Did a really fun…

Did a really fun interview with Cecilia Tan, editor of Circlet Press -- Cecilia bought my very first story, two decades ago! And now I talk to her about Demimonde -- about the book itself, about stories set at universities, about the differences between my work and Orson Scott Card's, and more:

CT: Do you see a parallel between the first wave of Internet community-building in the 90s and the burst of social media now?

Mary Anne: Thats a fascinating question, and youre maybe one of the few people who can ask it! I do think theres a very similar cooperative feel right now  a lot of people are wanting to support the work they find interesting and exciting, and that was true back in the early days of the net. There were a lot of warm fuzzies going around back then.

But there are differences now too  theres a massive signal-to-noise problem. Im sure there are a ton of great projects on Kickstarter that arent getting any attention at all, just because its so hard to make yourself visible. Back when I started writing, I was one of very few sex writers online  and as a result, I got a lot of attention, from being interviewed in TIME Magazine and on TV, to getting postcards from soldiers stationed abroad during Desert Storm, and scientists in Antarctica. My name, and work, had tremendous reach back then. Now, its much harder to keep from just disappearing into the crowd. But people like you, who have an established platform and are willing to extend it to others, definitely help  which takes me write back to the start of your question. So, yes.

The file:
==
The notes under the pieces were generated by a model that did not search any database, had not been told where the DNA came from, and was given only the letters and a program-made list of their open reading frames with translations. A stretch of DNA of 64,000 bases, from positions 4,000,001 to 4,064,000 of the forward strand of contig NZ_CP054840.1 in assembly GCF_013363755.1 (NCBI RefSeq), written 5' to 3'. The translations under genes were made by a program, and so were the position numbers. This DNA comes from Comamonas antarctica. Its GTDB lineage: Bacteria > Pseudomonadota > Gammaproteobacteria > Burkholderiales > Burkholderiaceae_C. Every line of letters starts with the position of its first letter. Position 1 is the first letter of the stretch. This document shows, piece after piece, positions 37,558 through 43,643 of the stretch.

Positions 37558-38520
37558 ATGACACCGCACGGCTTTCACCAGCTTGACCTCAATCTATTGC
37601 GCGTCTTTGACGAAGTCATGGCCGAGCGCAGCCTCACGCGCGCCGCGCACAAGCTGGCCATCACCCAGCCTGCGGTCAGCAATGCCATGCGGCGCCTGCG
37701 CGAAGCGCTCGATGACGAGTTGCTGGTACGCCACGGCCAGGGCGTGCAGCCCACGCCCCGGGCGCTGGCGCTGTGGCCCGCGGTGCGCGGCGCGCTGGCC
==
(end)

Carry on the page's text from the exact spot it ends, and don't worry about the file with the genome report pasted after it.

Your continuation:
CT: Are prose writers at a disadvantage when it comes to Kickstarter when compared to graphic artists, comic creators, even musicians?

Mary Anne: I dont think so  but I think books may be at a disadvantage compared to something like board games, because people expect to pay more for the product. Leonard Richardson did an analysis of Kickstarter projects, which I wish Id read before launching my project  I would have set my goal amount lower (around $4000, which would have meant not trying to do the paperback or hardcover editions), and priced my eBook slightly higher (its currently at $10  I would have gone for $15 or $20. I think if you plan and price it right, and if you have an established track record so that people trust theyll like what you produce, you have quite a decent chance of getting a book published this way. (There are no guarantees in traditional publishing either!)

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